On the sidelines of a nuclear security summit in the Hague, Netherlands, Lavrov reaffirmed Moscow’s demand for constitutional reform in Ukraine that would give more autonomy to all regions of Ukraine. Russia, eager to retain its influence in Ukraine’s Russian-speaking eastern regions and prevent Ukraine from joining NATO, has pushed for Ukraine to become federation – demands the new Ukrainian government has rejected.

Before the meeting, Ukrainian Foreign Minister Andriy Deshchytsia said his government remains concerned about a Russian military buildup near Ukraine’s border.

“The possibility of a military invasion is very high. We are very much worried about this concentration of troops on our eastern border,” he said.

The Ukrainian concerns have been deepened in by the intense military pressure Russia has applied in Crimea since Russian President Vladimir Putin formally annexed the peninsula last week. Russian forces have commandeered ships and broke into walled military installations with armored personnel carriers.

In the bay of Donuzlav in western Crimea, dozens of Ukrainian sailors marooned on the Konstantin Olshanskiy navy landing vessel abandoned ship Monday after weeks of tension and uncertainty. The Olshanskiy and two other warships have been trapped in the bay since Russian forces scuttled mothballed ships at the bay’s inlet.

The sailors, using a small rubber boat that needed several trips to ferry them to land, were greeted by the taunts of hecklers on the shore.

One man shouted they were deserting “rats,” while another man blasted the Russian national anthem from his car.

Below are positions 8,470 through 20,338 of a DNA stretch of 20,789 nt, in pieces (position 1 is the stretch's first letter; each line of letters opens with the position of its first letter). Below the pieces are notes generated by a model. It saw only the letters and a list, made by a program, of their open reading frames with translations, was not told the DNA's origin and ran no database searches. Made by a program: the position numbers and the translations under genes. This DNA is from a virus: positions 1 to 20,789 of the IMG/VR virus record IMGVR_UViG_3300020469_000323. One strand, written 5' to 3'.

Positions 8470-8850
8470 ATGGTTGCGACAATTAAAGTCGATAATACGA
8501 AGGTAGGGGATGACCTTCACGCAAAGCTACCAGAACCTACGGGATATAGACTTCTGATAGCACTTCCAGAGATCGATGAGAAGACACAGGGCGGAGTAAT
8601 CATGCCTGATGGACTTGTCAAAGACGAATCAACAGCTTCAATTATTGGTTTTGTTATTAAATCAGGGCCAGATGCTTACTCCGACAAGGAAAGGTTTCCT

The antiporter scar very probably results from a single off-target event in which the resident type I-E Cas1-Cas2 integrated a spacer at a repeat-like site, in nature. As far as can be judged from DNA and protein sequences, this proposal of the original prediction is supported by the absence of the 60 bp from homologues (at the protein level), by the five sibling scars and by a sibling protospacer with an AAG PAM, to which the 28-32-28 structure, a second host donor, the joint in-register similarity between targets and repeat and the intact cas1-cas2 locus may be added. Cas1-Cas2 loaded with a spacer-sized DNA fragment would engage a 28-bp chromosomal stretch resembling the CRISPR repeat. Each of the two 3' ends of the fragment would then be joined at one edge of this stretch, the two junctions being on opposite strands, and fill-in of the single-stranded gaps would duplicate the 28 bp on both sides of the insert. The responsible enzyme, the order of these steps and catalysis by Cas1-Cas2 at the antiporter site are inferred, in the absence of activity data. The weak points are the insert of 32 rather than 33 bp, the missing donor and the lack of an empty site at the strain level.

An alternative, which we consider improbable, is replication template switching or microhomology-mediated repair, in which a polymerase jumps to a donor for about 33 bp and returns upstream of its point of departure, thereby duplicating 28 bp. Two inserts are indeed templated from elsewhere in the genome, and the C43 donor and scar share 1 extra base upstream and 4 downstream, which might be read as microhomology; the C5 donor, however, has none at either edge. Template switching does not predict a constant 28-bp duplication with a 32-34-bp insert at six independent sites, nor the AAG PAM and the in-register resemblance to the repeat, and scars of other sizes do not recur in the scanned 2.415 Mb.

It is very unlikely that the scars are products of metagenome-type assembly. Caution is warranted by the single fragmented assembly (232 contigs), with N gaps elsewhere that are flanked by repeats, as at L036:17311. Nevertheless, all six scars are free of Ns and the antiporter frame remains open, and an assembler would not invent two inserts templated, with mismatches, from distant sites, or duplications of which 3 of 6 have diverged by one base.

“We aren’t rats, we aren’t running,” said one sailor, who only gave his first name of Yevgeny to discuss a sensitive subject. “Why should we have stayed, what would we have accomplished?”

Twenty out of the estimated 60 sailors originally on board remained on the ship, which was later in the day stormed by armed men, presumed to be Russian forces.

Defense Ministry spokesman Vladislav Seleznyov said the crew, which barricaded itself in the bulkhead, heard stun grenades and rifle fire.

At a naval base near the eastern Crimean port of Feodosia, two injured servicemen were taken captive earlier in the day and as many as 80 were detained at the site, Ukrainian officials said.

As tensions remained high in Crimea, President Barack Obama and Western allies moved to purge Russia from the Group of Eight leading industrialized nations a few months before it was to host its summit.

In the Hague, Obama met with leaders of the Group of Seven leading industrialized nations that includes the U.S., Britain, Canada, France, Germany, Italy and Japan for talks on Ukraine.

“We’re united in imposing a cost on Russia for its actions so far,” Obama said.

British Prime Minister David Cameron and German Chancellor Angela Merkel declared that the G-8 meeting set for the summer will not take place. The G-7 said they would meet instead in Brussels in June, without Russia.